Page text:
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Re: [Xen-devel] [PATCH 5/5] xen: RCU: avoid busy waiting until the end of grace period.

On Tue, 2017-08-01 at 09:54 +0100, Julien Grall wrote:
> Hi Dario,
> On 27/07/2017 09:01, Dario Faggioli wrote:
> > Instead of having the CPU where a callback is queued, busy
> > looping on rcu_pending(), use a timer.
> > 
> > In fact, we let the CPU go idla,e but we program a timer
> > that will periodically wake it up, for checking whether the
> > grace period has actually ended.
> > 
> > It is kind of similar to introducing a periodic tick, but
> > with a much more limited scope, and a lot less overhead. In
> > fact, this timer is:
> > - only active for the CPU(s) that have callbacks queued,
> >   waiting for the end of a grace period;
> > - only active when those CPU(s) are idle (and stopped as
> >   soon as they resume execution).
> If I read this correctly, it means on ARM the idling will now get 
> interrupted periodically. This is a bit unfortunate, given that if
> you 
> have a CPU doing nothing, you would still interrupt it
> intermittently.
Not really periodically, not always, at least. What this really means
is that a CPU that is idle, *but* have pending RCU callbacks, will be
interrupted periodically to see if the grace period ended, so it can
invoke the callbacks.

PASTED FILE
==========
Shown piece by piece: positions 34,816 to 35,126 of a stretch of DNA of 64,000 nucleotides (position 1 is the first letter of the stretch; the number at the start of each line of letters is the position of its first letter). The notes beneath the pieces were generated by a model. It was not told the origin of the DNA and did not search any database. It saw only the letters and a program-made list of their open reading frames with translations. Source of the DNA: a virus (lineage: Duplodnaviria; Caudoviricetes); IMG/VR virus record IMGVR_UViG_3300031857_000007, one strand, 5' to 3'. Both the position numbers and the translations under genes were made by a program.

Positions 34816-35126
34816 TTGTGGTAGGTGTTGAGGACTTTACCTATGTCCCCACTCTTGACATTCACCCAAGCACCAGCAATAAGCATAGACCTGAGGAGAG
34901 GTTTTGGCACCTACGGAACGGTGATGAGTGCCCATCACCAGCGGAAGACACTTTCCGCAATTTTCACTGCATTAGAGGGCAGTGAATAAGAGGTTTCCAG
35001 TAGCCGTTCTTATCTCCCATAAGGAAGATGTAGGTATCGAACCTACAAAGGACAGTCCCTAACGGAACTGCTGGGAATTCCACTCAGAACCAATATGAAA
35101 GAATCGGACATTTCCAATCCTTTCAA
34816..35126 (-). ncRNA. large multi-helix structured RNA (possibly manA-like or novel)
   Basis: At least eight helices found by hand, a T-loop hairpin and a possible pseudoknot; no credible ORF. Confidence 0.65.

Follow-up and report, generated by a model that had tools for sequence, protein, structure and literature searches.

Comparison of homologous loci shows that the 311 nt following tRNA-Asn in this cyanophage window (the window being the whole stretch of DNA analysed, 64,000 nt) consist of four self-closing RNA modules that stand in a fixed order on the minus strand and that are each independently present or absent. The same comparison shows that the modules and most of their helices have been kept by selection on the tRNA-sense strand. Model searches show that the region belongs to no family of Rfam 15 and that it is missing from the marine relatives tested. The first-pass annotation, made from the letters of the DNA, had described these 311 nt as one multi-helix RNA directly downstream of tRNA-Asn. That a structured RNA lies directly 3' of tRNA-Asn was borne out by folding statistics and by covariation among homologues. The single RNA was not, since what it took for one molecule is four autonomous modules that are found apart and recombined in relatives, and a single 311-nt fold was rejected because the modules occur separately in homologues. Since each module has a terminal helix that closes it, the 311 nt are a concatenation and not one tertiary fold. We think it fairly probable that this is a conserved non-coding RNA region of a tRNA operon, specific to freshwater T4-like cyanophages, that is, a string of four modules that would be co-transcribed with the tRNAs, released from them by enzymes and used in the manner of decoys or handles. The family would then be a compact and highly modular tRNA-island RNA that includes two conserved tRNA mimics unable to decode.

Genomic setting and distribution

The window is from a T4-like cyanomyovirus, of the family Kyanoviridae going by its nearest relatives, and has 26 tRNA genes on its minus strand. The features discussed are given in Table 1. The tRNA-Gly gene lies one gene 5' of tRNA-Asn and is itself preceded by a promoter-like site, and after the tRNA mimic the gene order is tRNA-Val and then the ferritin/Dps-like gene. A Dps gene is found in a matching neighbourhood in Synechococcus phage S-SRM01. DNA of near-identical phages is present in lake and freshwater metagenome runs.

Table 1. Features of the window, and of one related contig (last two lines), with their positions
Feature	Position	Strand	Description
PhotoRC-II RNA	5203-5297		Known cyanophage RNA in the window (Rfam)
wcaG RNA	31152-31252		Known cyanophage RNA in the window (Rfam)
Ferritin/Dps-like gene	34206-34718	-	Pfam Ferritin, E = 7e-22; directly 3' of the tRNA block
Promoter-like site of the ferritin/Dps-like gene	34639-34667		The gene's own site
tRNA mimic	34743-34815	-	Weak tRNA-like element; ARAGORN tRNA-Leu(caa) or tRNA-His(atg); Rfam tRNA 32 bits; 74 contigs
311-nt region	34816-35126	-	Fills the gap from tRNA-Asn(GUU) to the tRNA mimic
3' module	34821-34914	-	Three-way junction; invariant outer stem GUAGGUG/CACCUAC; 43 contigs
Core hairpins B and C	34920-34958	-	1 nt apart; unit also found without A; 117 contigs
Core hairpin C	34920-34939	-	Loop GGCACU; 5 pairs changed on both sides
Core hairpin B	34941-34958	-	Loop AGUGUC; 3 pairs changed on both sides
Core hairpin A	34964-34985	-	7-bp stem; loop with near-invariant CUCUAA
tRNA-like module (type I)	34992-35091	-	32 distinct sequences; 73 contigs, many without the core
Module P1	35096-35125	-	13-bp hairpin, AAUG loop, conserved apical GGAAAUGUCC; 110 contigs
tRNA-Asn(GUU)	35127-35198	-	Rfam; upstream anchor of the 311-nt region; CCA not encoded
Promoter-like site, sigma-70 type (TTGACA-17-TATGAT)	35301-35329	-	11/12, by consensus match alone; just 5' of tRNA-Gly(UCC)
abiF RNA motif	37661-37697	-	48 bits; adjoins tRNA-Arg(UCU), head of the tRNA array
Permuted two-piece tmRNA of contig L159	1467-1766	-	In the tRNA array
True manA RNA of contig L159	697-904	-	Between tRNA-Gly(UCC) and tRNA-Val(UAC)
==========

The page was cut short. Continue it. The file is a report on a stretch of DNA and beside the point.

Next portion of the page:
As soon as this (callbacks being invoked) will have happened, we won't
interrupt it any longer.

And idle CPUs _without_ queued RCU callbacks, won't be interrupted at

> I was expected that we could remove the CPU from the RCU whilst it
> is 
> idle. Is there any reason for not doing that?
I'm not sure I understand what you mean here. I tried to explain as
good as I could how this works, and why I think it can't work in other
ways, in this reply to Stefano: <1501548445.30551.5.camel@xxxxxxxxxx>

Every CPU that participates in the grace period, and has already
quiesced, is "removed from RCU", and hence, when it becomes idle, it is
never interrupted (by this timer). With the only exception of the
CPU(s) that has queued callbacks.

We simply can't forget about these CPUs, even if they go idle. If we
do, the callbacks won't be invoked never (or will only be invoked when
the CPU becomes active again, which may happen really really late,
which is part of the reason why we're seeing the bug we're seeing).

Linux does this, in the *exact* same way (well, actually, in a totally
different way, from an implementation point of view, but the effect is
indeed exactly the same):

See here:


We're in tick_nohz_stop_sched_tick(), i.e., the CPU is going idle, and
the periodic timer tick is being stopped (no interruptions). But

        if (rcu_needs_cpu(cpu))
                delta_jiffies = 1;

Where, rcu_needs_cpu() means:

 * Check to see if any future RCU-related work will need to be done
 * by the current CPU, even if none need be done immediately, returning
 * 1 if so.
int rcu_needs_cpu(int cpu)

Then, again in tick_nohz_stop_sched_tick()

         * Do not stop the tick, if we are only one off
         * or if the cpu is required for rcu
        if (!ts->tick_stopped && delta_jiffies == 1)
                goto out;

And in fact, in my testing, without patches 3 and 5 applied, the bug is
still there.

<<This happens because I choose it to happen!>> (Raistlin Majere)
Dario Faggioli, Ph.D, http://about.me/dario.faggioli
Senior Software Engineer, Citrix Systems R&D Ltd., Cambridge (UK)

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